Collective action: the tough part is when they come to collect the unwilling
“Preserving our individual freedom requires collective action,” President Obama declared in his second inaugural speech. In other words, freedom requires compulsion!
As with so many questionable declarations of ideology, it all boils down to how the terms are defined. From a certain perspective, the President’s statement is reasonable enough. The military is most certainly a “collective action,” as drill sergeants have been impatiently explaining to recruits for generations. More broadly speaking, the defense of the United States and her citizens from enemies foreign and domestic is something that must be undertaken and funded collectively. That’s the difference between an all-volunteer military and “show up if you feel like fighting, and bring your own gun.”
Speaking even more generally, all laws in a constitutional republic are collective actions. Everyone is supposed to obey them, after all. We all have influence upon the legislative process, through the power of the vote. There are certainly things that only the government can do, as even the most spirited libertarian will attest.
But of course, to view Obama’s comment in that light is to grant him an absurd amount of credit. He’s not a spirited libertarian. He’s a collectivist. The government should only be doing the things it must do. But Obama supports the radical expansion of government power into many areas that private citizens should reserve for themselves. Very few of these things have any connection to “preserving our individual freedom.” Most of them are aggressive restrictions upon individual freedom. Many of his collective actions are justified as “investments” that will supposedly pay a great “return” to society… which is a very far cry from talking about “preserving our individual freedom” as the highest priority. That would be true even if Obama’s compulsory “investments” had a better record of panning out.
Socialists are in love with positive rights, meaning the exercise of government power to “give” favored constituents what they “deserve.” The collectivist believes that individuals can only be emotionally and intellectually free when they are liberated from need. We must be forced to do certain things, so that we can be “free” in other ways.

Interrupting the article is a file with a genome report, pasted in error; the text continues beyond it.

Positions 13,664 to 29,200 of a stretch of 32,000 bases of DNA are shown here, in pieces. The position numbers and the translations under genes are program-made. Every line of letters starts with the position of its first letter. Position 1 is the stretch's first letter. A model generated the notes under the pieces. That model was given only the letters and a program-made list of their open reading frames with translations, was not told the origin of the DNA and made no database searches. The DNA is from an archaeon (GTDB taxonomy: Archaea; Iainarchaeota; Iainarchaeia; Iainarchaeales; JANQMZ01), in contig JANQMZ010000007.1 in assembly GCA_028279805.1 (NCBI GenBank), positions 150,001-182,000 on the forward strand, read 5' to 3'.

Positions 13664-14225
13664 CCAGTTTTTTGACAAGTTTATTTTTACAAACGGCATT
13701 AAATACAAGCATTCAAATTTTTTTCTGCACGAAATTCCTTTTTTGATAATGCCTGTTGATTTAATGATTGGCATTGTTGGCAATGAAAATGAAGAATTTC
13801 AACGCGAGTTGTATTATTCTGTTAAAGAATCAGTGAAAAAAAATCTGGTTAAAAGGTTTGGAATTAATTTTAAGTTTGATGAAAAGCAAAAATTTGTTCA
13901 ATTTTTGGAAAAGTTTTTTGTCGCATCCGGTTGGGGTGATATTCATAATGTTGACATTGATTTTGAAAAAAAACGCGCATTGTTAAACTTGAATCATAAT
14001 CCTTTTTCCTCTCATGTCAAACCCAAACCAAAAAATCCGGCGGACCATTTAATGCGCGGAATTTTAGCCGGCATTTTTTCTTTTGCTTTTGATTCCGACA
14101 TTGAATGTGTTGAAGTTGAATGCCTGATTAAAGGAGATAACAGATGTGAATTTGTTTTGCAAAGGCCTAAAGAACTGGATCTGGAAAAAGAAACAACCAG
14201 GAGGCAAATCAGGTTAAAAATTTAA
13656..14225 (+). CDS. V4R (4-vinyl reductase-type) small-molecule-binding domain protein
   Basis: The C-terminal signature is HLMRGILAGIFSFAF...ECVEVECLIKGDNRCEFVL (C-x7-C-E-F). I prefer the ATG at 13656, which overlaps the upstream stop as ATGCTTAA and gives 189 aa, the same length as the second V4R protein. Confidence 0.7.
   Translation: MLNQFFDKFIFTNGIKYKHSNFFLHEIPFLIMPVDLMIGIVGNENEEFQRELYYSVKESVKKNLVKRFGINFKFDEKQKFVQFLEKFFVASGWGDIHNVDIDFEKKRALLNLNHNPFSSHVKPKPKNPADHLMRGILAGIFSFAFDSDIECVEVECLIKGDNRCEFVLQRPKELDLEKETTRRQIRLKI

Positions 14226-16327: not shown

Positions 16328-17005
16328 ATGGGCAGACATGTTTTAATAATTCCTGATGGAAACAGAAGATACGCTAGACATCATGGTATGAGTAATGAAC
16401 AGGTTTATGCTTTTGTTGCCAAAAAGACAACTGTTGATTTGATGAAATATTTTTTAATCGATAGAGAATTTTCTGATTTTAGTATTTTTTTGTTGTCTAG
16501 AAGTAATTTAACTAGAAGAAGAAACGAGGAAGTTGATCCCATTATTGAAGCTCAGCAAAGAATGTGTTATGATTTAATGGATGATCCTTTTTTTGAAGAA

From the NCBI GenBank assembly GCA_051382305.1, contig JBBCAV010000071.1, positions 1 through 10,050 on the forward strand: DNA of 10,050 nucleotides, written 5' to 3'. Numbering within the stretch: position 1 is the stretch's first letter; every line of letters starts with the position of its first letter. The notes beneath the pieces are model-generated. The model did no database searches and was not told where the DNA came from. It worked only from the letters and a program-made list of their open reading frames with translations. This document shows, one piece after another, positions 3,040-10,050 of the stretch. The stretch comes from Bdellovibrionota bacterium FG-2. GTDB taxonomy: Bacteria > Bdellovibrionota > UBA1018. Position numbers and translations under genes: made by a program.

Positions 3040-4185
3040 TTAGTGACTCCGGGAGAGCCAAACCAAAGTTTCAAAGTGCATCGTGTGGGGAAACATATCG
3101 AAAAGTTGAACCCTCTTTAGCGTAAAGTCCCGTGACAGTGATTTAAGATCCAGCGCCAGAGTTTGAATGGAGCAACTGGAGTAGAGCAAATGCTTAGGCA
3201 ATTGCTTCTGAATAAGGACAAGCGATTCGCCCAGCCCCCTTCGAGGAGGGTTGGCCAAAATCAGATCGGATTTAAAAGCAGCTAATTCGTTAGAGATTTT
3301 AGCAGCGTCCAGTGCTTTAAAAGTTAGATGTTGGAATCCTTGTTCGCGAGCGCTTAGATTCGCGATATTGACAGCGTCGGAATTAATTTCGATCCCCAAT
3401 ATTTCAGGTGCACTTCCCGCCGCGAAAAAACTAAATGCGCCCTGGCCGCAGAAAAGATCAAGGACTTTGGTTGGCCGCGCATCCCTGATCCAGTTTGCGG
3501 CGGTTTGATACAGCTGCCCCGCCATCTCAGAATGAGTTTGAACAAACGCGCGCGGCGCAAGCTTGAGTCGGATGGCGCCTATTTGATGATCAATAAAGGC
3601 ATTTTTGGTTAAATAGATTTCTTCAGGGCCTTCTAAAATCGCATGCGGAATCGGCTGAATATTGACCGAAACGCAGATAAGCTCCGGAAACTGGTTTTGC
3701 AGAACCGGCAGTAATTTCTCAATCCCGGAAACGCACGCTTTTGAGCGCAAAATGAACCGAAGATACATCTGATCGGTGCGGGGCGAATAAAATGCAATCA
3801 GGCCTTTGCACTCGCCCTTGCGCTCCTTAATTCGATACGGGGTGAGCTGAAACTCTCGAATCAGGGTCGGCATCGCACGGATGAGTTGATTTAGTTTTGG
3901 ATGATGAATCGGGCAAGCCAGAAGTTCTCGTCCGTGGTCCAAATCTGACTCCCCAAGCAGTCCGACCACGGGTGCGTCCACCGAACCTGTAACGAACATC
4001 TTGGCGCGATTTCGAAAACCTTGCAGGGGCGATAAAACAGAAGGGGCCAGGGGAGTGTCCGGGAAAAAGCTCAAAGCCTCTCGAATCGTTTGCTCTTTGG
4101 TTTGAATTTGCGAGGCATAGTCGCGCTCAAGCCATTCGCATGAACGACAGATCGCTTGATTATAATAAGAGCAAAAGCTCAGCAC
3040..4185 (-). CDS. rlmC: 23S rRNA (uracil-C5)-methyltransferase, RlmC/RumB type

And the key word is “force,” because that’s the dark side of “collective action.” Funny, but I could swear it was just a few short years ago that “Dissent is the highest form of patriotism!” was the liberal battle cry. Well, no dissent is permitted from collective action. You obey, or you are punished. You might get a little input during the planning stages (or more realistically, the powerful and well-connected political action group that claims to speak for you will.) But once the collective action is under way, dissent is intolerable.
That’s understandable in a military operation, but why should free people celebrate “collective action,” instead of demanding a minimal and impartial government enforcing a light and uniform legal burden? In another passage of his speech, Obama declared, “We believe America’s prosperity must rest upon the broad shoulders of a rising middle class.” That’s entirely incompatible with his salute to collective action. The middle class has “broad shoulders” only to the extent that its individuality is respected, and people are allowed to pursue opportunity in their countless individual ways, investing their own resources and keeping the profits. The number of collective actions they get drafted into must be kept to a minimum; as it rises, the size and power of the middle class is diminished.
The great difference between liberty and tyranny is the amount of force deployed against the populace, not the good intentions of the ruling class. The language of volunteerism and community effort is often co-opted by collectivists, but they most certainly are not hungry for increased volunteer effort from willing citizens. Free people celebrate their ability to opt out of collective actions, and never forget that government will be coming along to collect the unwilling.